The Snowball Effect of Payroll Taxes
Yesterday, Nonprofit Quarterly released an article titled, “The Worst Financial Decision Ever.” Within it, author Kate Barr addressed the avoidance of payroll taxes, and how putting off the IRS can lead you down a very dangerous road.
We’ve even seen it lead to an organization shutting down as a result of payroll taxes. In this situation, the nonprofit had outsourced to a payroll company. The payroll company eventually stopped depositing the payroll taxes that had been withheld from employees; because they were later unable to withdraw these funds due to a banking message of “insufficient funds” (the nonprofit was using the deposited moneys). Since they were unable to complete a portion of their duties for this reason, the payroll company notified the nonprofit that they were now responsible for submitting and filing their own payroll tax deposits and forms.
- Federal income tax withholding (FITW),
- Social Security and Medicare taxes (FICA), and
- State unemployment taxes (SUTA).
- Wages paid
- Employee earned tips
- Withheld Federal income tax
- The share of Social Security and Medicare taxes paid by both the employer and the employee
- Additional Medicare tax withholdings
Your deposit requirements are not based on how often you make deposits or pay your employees. Instead, your deposit schedule will be determined not only by the size of your organization, but also your total tax liability (the one you reported last year on Form 941). Your deposit schedule will either be monthly or semimonthly. The IRS states in Notice 931, “These schedules tell you when a deposit is due after a tax liability arises (for example, when you have a payday).”
You should determine at the beginning of your calendar year which schedule you are required by the IRS to use. They state (in the same notice) that you are to use your “lookback period” To determine your schedule. “If you are a Form 941 filer, your deposit schedule for a calendar year is determined from the total taxes reported on Forms 941, line 10, in a 4-quarter lookback period. If you reported $50,000 or less of taxes for the lookback period, you are a monthly schedule depositor; if you reported more than $50,000, you are a semiweekly schedule depositor.”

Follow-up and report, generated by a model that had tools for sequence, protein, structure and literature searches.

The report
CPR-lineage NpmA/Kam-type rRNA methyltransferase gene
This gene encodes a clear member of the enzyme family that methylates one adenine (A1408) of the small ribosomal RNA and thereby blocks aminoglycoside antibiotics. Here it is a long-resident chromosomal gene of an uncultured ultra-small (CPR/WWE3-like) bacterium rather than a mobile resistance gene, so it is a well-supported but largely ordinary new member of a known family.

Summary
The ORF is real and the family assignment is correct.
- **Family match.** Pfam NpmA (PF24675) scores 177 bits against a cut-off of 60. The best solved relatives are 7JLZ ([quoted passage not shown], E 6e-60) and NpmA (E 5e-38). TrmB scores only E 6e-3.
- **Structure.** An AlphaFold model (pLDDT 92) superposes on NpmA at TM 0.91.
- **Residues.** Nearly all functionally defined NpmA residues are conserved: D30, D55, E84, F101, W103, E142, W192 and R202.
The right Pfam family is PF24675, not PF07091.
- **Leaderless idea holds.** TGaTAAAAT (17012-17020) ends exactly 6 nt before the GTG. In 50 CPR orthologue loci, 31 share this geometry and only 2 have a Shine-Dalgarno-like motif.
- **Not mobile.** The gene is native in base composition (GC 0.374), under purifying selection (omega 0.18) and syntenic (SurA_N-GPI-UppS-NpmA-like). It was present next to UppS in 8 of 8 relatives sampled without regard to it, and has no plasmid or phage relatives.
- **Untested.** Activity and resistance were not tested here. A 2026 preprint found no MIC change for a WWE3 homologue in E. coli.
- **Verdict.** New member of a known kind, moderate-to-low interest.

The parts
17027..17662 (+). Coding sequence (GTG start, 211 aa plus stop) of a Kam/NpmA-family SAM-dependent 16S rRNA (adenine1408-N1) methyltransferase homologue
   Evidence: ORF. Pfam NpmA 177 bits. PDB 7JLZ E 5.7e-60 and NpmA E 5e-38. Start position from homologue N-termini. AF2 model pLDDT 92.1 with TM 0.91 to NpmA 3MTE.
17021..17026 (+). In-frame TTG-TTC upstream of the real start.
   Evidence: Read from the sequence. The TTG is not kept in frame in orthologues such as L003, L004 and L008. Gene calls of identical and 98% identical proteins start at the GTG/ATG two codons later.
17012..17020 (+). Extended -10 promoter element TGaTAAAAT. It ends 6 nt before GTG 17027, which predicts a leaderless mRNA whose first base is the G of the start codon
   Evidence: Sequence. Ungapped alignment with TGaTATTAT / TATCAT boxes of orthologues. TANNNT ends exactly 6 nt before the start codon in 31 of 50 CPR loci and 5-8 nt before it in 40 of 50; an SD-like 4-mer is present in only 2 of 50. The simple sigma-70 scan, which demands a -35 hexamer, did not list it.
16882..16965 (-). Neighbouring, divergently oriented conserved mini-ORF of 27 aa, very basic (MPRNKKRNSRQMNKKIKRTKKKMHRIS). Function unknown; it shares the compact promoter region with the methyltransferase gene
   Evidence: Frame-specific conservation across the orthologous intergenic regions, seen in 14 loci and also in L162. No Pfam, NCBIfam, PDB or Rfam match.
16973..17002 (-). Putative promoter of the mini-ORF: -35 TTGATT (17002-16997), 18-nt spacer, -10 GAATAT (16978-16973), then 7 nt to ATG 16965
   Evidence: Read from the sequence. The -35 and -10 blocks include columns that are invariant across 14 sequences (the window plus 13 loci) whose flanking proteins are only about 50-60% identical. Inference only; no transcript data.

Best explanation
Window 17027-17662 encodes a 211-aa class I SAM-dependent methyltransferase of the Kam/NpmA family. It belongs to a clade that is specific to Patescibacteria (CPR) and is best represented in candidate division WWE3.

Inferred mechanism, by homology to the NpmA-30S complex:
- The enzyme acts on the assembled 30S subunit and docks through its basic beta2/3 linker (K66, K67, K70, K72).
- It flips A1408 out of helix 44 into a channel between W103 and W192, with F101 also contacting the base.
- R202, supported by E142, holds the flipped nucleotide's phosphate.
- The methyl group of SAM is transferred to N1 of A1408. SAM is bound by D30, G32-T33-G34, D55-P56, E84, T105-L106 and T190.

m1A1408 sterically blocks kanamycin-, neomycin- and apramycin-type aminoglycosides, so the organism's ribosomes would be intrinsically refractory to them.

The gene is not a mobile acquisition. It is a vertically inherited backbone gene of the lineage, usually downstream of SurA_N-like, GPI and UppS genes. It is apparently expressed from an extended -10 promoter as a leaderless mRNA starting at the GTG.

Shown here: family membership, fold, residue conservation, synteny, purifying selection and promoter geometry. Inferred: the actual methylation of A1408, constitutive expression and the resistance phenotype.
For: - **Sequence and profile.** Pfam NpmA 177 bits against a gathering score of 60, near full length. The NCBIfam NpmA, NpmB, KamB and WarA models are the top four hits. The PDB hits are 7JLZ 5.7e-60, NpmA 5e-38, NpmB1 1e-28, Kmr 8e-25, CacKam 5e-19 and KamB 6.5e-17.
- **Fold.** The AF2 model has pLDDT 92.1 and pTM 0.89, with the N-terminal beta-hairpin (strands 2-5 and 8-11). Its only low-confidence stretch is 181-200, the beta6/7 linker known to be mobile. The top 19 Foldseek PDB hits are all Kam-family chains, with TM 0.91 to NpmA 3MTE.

Seems easy enough, and they are nice enough to provide a calendar for 2014 Lookback Periods within the Notice. We’ve saved you a step and posted it below.
July 1, 2012 Oct. 1, 2012 Jan. 1, 2013 Apr.1, 2013
through through through through
Sep. 30, 2012 Dec. 31, 2012 Mar. 31, 2013 June 30, 2013
What happens if we don’t pay?
- 1-5 days late- you’ll be charged 2% on the amount you owe
- 6-15 days late-that’ll be 5% on the amount you owe
- 16 or more days—you’ll owe 10% extra
- More than 10 days after your FIRST IRS Bill—you’ll still owe your payroll tax plus 15%
- 1-5—$20 fee
- 6-15—$60 to $150 fee
- 16+-- $100 fee
- >10 days after bill--$150 fee
- The IRS can also charge you an additional failure to pay penalty, which is .5% each month that goes unpaid, which increases to 1% after a Notice of Intent to Levy is issued. This fee has a maximum rate of 25% of the amount owed.
- If you forget to file altogether you’ll be issued a 4.5% tax for each month you don’t pay. The maximum fine for this offense is 22.5% of the amount owed.
During this time, interest is also accruing on everything you owe. The government can and will come after your organization to seize any back taxes, and can hold any “responsible person” liable, like they did with the board in our scare tactics example.
How Budgeting Can Help
- Federal income tax rate (which will vary by employee and is based on income amount and tax filing status)
- Social Security of 6.2%
- Medicare tax of 1.45%
- State unemployment tax rate
IRS Notice 931: Deposit Requirements for Employment Taxes
IRS Exempt Organizations: What Are Employment Taxes
The ABCs of FTDs from the IRS
IRS Form 941
Instructions for completing IRS Form 941
“The Worst Financial Decision Ever” Nonprofit Quarterly Article by Kate Barr